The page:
Hartley Magazine

All the latest news, hints, tips and advice from our experts

How to watch the weather

There’s an abundance of weather information available today. For gardeners, watching the plants for signs of stress, such as wilting leaves, is as important as watching the big picture.

Gardeners have a different perspective on the weather than most people. We are cheered by July downpours and winter storms that spread insulating snow. We love cool, wet springs that lengthen bloom time, while other people are anxiously waiting for the year’s first shorts-and-T-shirt day. Stretches of hot summer days may delight children and beachgoers, but they make gardeners fret about watering. We follow the weather report like some people follow the World Cup.

I like knowing that my garden is mostly at the mercy of the weather. It makes me pay attention to the big picture of nature. I learn about the interrelationships between the plants and animals in my yard—for example, how different weather favors different weeds. Depending on the weather requires me to study my garden, to think through how the soil and the plants are likely to change in different conditions, and it keeps me connected to my place.

How do I study the weather of my place? Fortunately, today there is an abundance of online sources for big-picture and tight-focus weather information. Here are a few I find useful.

Plant hardiness zone maps: Knowing your USDA hardiness zone is basic to American gardening. Areas with lower zone numbers have colder winters, requiring plants that are more hardy. This is essential information for reading plant labels. The current (2012) map reflects the increasing effects of climate change and more sophisticated mathematics. On the website, you can search it at the level of your zip code. The map doesn’t tell you everything about your climate; it only addresses winter, and some kinds of weather and some geographical features introduce complications. The American Horticultural Society has a good discussion of these factors. Its page also includes AHS Heat Zone Map, which is intended to address the effects on plants of blazing hot summers as well as cold winters. In the past, heat zones have mattered most in the South and West, but I expect they will matter more in the Midwest as the climate continues to change.

More zone insights: A number of sites show maps extending the USDA hardiness zones to the United Kingdom and Europe. They’re dated, based on the old (1990) USDA map data, but still instructive. For Midwestern gardeners, the big lesson is that the gorgeous British and French gardens we admire in books and TV shows are in places with much milder winters. London and Paris are in Zone 8—like Louisiana—and even the blustery highlands of Scotland are only Zone 7, like southern Tennessee. So it’s not a good idea to be an English garden copycat in Minneapolis (Zone 4).

Current weather: Weather Underground is a clear, easy-to-use site for checking current conditions; you can narrow it down to the zip code. The best part, for me, is the Historical Weather page (“historical” means yesterday and on back). This lets me check what’s actually happened over the last week or 30 days. It’s a useful corrective: We often have a dim general sense that there’s been a lot of rain, when in fact that was three weeks ago. Spending workdays indoors in air conditioning can make us underestimate how many really hot days we’ve had. I’m also a devotee of CoCoRaHS (sounds like hiccups). The Community Collaborative Rain, Hail & Snow Network has volunteers all over the country checking rain gauges in their backyards and reporting the results daily. There are volunteers in my neighborhood, so I get precipitation data from practically in my backyard. One reason that matters is that TV weather reports can distort our perceptions. I often see TV crews breathlessly reporting on a major downpour that happened at the other end of the Chicago metropolitan area, when the storm missed my yard by 20 miles and I didn’t get a drop. A gardener should always bring critical thinking and local knowledge to bear on TV weather reports.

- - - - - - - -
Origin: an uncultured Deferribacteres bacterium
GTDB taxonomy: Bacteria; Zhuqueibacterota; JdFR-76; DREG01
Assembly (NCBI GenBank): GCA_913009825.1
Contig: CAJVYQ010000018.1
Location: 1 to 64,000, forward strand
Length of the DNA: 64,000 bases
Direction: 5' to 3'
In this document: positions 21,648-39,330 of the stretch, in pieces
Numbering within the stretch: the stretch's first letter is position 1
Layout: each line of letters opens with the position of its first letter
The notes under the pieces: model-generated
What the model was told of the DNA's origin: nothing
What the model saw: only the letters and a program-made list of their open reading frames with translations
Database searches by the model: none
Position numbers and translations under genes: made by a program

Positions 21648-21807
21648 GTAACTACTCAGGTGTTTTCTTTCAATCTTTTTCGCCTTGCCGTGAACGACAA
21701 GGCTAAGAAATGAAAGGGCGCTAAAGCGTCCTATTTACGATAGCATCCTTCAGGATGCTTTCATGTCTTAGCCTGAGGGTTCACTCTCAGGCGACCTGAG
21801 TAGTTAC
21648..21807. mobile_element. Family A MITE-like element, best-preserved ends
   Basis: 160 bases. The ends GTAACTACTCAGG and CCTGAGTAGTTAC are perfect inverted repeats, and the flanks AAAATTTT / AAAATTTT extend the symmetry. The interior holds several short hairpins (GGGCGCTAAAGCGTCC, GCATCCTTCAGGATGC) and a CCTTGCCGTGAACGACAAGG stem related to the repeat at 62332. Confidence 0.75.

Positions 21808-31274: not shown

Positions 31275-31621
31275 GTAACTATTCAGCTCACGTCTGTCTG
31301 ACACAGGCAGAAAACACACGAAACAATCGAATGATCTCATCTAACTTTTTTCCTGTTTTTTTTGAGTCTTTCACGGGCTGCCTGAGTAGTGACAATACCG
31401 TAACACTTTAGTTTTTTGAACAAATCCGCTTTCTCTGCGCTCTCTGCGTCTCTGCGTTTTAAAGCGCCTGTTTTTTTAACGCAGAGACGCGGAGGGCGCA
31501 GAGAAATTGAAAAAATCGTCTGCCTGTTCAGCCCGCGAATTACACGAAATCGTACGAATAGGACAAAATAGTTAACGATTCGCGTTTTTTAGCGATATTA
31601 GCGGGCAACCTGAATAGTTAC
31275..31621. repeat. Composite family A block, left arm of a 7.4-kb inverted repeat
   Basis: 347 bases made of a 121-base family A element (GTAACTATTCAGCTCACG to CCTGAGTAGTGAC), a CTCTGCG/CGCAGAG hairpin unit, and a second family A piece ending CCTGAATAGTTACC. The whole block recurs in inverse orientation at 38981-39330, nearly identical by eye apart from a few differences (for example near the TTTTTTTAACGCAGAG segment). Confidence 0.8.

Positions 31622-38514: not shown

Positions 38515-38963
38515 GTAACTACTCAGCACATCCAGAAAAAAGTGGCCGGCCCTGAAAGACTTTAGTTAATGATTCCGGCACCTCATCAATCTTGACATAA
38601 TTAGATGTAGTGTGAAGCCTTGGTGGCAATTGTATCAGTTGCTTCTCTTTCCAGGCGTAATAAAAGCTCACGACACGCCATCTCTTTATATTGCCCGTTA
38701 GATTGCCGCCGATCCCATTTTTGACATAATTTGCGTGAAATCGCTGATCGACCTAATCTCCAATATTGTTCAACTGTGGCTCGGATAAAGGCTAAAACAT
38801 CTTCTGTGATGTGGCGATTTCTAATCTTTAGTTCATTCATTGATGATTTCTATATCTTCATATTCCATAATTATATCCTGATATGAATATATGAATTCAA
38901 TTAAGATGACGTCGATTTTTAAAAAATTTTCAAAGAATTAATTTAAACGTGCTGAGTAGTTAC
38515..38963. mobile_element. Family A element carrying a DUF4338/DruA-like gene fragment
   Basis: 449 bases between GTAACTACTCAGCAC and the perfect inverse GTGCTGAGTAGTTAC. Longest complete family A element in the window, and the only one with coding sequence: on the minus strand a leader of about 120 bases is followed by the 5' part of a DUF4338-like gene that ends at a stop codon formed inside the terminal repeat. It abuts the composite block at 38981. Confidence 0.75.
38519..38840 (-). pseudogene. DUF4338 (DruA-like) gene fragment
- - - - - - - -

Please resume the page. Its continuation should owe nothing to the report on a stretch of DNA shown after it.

Planting dates: Due to the influence of large bodies of water (like Lake Michigan, for the Chicago area), mountain ranges, and other geography, climate can vary quite a bit in a metropolitan area (or TV market). For example, there’s more than a month’s difference in the length of the growing season in different areas around Chicago. Plantmaps is a useful way to get local guidance. Plug in your zip code and it will show local average first and last frost dates and other useful climate information.

Drought monitoring: NOAA maintains a Drought Monitor map page that is aimed at farmers, but it can be useful information for gardeners in dry weather.

State conditions: This is pretty geeky, but I sometimes consult the Illinois climate data web page of the Illinois State Climatologist and the Illinois State Water Survey. It’s not terribly local—it reports data by regions that include several counties—but the maps give me a good idea of overall trends. Most states have something similar.

Of course, the data that come from my own yard are as critical as the information I can get online. In the summer, I stick a finger in the potting mix of several containers every day to see if they need watering. I watch out for plants that are wilting. Every few days I dig in the beds with a trowel to see how much moisture there in the soil—and I vary my spots, since trees, building and fences can block rain in some places. In early fall, I watch for the first color in the trees, a sign they’re going dormant. As winter comes, I tread on my soil to see if it’s frozen yet. After a snowstorm, I look to see how deeply the snow piled on the much snow piled up on the birdbath. In late winter, I watch the shrubs to see if their buds are swelling yet. My garden is where the weather matters.